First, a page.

• hold a capital endowment equivalent to 2.5% (or 0.5%, if Class 2) of the branch’s average liabilities over the past three accounting periods, subject to a minimum of EUR 10 million (or EUR 5 million, if Class 2);
  • comply with the liquidity coverage ratio (or hold sufficient unencumbered and liquid assets to cover liquidity outflows for a minimum of 30 days, if Class 2);
  • maintain a “registry book” of all assets and liabilities booked or originated within the TCB for risk management information purposes, and develop and regularly review a policy on booking arrangements;`
  • comply with a range of risk management, governance and reporting requirements, including:
    • hiring at least two persons managing the business internally (potentially extending into a requirement to form a local management committee at NCA discretion);
    • operating robust risk management processes whose output is subject to management reviews every two years;
    • effective management of counterparty risks, extending to counterparty credit risk management for those TCBs engaging in back-to-back or intragroup operations;
    • operating robust risk management processes whose output is subject to management reviews every two years;
    • reporting of balance sheet, significant exposures and funding concentrations;
    • further reporting on head undertaking activities, such as its plans for the TCB, recovery plan and a list of services provided by the head undertaking for EU clients on basis of reverse solicitation.

NCAs must periodically employ an independent third-party to assess TCBs’ compliance with the internal governance and risk controls requirements mentioned above.

The EBA will finalise the full details of some of the requirements over the coming years, especially regarding the specific booking arrangements TCBs must apply. At a minimum, this will include keeping a record of assets and liabilities originated by the TCB, those booked or held elsewhere for the TCB’s benefit, as well as off-balance sheet items.

As mentioned above, this new regime constitutes an EU-wide set of minimum requirements. This means only those TCBs currently regulated “below” this new baseline, whether due to less robust existing national-level rules or due to being in receipt of waivers, will face a commensurately larger compliance burden from November 2026.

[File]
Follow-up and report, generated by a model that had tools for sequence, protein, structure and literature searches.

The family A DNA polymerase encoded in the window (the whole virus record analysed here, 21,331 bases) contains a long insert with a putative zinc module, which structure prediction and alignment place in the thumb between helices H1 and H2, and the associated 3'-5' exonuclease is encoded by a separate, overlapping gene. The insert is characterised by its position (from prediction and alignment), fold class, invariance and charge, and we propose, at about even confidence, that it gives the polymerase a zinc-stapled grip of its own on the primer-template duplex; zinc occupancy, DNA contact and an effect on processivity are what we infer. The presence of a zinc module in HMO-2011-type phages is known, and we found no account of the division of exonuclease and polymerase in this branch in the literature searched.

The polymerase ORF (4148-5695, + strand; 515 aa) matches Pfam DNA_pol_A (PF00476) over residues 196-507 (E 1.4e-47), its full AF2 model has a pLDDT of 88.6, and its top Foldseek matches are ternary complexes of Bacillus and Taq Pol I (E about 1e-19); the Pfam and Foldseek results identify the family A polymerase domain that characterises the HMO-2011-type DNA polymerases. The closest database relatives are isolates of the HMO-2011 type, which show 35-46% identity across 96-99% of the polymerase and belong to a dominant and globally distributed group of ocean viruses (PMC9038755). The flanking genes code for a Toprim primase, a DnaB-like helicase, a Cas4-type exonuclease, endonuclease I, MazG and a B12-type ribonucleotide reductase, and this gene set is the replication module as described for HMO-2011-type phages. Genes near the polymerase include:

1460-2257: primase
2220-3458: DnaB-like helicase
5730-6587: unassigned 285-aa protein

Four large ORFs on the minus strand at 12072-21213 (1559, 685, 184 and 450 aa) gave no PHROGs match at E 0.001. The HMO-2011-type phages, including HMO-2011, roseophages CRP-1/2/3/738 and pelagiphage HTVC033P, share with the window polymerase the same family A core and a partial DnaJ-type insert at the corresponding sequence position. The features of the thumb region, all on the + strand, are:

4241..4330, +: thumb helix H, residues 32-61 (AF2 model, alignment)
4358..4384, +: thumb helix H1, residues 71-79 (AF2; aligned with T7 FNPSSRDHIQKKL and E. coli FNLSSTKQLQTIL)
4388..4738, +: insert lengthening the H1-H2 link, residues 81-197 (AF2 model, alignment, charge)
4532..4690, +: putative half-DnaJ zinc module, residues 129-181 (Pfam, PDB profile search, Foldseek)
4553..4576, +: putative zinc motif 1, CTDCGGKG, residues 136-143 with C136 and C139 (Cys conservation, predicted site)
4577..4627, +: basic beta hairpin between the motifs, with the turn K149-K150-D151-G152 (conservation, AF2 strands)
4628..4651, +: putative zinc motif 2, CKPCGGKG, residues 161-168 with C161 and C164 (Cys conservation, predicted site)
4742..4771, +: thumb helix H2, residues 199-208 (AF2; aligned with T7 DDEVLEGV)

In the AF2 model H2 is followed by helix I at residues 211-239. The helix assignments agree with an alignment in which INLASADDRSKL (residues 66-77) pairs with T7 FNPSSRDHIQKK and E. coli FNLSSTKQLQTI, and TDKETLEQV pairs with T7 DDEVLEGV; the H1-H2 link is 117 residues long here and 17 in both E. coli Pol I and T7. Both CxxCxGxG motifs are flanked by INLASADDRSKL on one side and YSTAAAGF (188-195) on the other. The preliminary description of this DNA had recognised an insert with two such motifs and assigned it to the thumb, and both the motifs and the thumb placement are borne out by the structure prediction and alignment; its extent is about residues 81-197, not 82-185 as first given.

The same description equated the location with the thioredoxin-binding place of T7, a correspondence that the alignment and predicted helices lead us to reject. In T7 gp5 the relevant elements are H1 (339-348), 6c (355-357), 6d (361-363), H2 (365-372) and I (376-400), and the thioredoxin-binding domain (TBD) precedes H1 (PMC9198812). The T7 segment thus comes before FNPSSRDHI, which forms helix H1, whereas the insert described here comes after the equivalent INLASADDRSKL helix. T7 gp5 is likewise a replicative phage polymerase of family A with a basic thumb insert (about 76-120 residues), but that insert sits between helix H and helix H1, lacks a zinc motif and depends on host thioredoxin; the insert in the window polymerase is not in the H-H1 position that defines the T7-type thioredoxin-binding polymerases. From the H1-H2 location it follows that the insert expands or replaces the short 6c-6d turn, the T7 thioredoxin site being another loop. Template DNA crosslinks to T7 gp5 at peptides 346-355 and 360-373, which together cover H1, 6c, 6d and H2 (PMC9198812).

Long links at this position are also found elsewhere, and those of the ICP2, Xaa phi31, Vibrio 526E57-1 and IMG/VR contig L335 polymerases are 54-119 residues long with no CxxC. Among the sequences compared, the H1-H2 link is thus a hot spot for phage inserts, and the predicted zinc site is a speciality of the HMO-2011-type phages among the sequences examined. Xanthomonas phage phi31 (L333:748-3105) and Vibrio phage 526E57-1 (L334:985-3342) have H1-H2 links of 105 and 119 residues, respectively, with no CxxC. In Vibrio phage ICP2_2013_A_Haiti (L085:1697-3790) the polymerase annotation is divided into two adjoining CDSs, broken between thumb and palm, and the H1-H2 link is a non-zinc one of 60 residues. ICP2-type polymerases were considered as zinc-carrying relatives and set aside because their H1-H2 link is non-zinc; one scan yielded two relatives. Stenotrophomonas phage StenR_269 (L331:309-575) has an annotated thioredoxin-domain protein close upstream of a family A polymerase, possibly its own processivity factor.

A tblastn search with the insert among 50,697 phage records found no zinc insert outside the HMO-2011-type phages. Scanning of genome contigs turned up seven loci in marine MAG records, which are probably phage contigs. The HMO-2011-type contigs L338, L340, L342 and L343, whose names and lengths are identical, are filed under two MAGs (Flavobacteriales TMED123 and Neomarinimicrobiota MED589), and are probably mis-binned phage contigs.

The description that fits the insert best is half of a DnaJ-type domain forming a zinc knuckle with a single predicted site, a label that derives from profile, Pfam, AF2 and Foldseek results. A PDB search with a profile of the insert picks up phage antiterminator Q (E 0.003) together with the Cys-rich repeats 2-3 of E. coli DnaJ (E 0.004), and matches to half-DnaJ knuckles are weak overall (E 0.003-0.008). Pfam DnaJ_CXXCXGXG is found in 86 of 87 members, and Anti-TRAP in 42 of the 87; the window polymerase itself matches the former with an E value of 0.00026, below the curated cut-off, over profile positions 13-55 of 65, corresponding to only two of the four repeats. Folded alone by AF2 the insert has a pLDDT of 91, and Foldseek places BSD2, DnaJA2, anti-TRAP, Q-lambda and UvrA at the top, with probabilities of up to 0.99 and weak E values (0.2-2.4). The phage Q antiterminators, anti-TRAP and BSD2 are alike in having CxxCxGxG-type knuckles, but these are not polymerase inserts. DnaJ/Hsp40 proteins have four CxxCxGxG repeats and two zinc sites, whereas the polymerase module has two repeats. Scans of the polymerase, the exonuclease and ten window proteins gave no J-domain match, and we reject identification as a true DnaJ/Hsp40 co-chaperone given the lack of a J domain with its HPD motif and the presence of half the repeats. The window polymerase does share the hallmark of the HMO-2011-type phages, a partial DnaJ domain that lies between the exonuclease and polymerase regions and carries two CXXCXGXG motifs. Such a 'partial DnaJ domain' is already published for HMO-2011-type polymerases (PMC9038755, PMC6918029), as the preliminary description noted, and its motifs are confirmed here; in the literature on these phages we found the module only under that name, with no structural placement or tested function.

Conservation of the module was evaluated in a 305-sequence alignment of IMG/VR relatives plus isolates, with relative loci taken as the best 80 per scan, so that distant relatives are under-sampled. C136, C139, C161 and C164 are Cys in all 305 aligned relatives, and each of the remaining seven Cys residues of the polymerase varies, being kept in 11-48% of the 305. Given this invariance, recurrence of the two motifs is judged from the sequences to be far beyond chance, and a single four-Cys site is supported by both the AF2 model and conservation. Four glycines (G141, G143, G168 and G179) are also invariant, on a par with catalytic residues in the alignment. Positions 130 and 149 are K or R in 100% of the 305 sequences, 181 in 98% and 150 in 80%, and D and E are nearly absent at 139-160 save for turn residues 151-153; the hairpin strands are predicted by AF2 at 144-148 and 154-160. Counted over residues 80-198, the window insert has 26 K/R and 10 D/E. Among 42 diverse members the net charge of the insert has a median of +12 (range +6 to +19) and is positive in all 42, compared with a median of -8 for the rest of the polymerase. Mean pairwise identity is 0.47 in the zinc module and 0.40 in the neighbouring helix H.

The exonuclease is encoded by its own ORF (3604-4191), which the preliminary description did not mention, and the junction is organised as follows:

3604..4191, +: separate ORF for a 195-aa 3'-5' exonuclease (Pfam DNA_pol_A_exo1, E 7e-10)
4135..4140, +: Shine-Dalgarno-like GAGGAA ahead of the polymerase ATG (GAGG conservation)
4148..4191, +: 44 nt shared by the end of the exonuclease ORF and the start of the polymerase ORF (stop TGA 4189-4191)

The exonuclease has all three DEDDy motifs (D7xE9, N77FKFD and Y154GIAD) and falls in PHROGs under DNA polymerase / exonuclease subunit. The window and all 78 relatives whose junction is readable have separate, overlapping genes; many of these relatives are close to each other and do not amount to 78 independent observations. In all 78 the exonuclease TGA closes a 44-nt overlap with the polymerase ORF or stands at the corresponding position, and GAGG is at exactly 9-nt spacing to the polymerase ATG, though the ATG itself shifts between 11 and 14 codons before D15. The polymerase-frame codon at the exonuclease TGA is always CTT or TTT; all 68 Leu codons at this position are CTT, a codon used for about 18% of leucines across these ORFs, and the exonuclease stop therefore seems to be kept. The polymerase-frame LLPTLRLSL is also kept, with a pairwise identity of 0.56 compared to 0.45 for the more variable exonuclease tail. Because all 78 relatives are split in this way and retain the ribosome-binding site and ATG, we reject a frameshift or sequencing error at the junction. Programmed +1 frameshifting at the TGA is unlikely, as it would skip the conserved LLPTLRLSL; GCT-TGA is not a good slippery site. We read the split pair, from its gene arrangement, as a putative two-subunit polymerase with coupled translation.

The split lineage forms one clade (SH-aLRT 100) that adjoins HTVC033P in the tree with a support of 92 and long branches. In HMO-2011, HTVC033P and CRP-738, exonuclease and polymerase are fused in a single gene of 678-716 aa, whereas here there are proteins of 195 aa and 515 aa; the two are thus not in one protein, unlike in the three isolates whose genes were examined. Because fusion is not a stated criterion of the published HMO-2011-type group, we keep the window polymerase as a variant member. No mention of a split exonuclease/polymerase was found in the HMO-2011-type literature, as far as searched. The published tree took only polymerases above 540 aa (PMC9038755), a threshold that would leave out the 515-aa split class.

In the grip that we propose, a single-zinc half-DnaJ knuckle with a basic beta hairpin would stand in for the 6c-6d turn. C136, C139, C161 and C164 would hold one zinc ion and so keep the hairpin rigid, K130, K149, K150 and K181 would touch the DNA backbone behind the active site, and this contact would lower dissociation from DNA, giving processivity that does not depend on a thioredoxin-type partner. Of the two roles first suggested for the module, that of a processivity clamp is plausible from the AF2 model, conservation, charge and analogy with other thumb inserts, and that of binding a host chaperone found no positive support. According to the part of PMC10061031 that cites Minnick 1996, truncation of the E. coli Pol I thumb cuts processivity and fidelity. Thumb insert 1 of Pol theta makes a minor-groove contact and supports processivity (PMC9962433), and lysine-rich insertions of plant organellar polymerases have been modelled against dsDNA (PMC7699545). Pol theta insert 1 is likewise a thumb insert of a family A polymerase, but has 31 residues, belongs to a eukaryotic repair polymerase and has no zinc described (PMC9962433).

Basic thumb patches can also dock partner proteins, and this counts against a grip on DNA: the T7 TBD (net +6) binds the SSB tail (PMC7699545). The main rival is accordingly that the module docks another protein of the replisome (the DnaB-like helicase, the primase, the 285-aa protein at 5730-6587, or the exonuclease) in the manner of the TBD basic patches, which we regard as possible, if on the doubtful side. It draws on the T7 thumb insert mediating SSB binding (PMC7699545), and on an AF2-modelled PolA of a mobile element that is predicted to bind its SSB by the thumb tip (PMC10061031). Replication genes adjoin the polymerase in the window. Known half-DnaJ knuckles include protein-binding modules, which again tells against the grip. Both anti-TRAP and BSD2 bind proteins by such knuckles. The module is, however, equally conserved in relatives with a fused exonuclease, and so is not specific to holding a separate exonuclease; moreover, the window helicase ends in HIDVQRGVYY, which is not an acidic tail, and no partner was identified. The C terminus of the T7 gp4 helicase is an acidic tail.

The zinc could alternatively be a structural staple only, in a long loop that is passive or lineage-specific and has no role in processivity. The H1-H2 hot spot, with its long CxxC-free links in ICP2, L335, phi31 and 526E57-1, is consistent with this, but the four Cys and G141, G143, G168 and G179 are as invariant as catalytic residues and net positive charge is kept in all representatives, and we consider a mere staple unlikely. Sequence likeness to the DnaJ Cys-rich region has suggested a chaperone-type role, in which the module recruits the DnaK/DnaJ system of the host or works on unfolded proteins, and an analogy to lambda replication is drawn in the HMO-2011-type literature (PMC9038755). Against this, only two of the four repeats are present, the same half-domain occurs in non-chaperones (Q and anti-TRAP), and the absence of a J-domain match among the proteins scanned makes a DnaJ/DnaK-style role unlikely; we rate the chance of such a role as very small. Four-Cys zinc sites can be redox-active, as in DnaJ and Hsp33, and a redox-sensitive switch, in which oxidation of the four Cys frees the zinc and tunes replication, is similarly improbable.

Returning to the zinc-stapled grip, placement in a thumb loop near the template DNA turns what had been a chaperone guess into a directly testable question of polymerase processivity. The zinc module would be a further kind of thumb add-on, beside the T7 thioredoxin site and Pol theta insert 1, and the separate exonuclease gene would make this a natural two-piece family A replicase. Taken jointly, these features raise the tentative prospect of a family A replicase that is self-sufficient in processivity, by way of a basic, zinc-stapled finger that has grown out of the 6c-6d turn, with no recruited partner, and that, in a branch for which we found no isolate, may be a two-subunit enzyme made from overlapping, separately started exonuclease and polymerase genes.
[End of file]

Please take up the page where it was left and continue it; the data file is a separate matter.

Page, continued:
TCB subsidiarisation

TCBs may be required to subsidiarise if they meet any of the four following conditions:

  1. the TCB has assets in excess of EUR 10 billion;
  2. the TCB belongs to a group which across the EU has aggregate TCB assets in excess of EUR 40 billion;
  3. the NCA judges the TCB to be “systemically important” on the basis of its size, importance to the EU/MS economy, significance of cross-border activities and interconnectedness with the wider financial system; or
  4. the TCB has been conducting business in a MS other than the one it is authorised in.

In most cases, the NCA shall first impose additional prudential requirements on a TCB, or require it to restructure its assets and activities “in such a manner that they cease to qualify as systemic” or “cease to pose an undue risk” to financial stability. If this outcome is judged to be insufficient, TCBs can still be required to subsidiarise. However, if a NCA feels that alternative measures would be insufficient “to address” “material supervisory concerns”, it can utilise the subsidiarisation power without pursuing other options.

The first condition alone scopes in a large number of TCBs: at end-2020, 16 TCBs (out of a total 106) had more than EUR 10 billion in assets, with 19 more having between EUR 3 and 10 billion in assets.

Implications for firms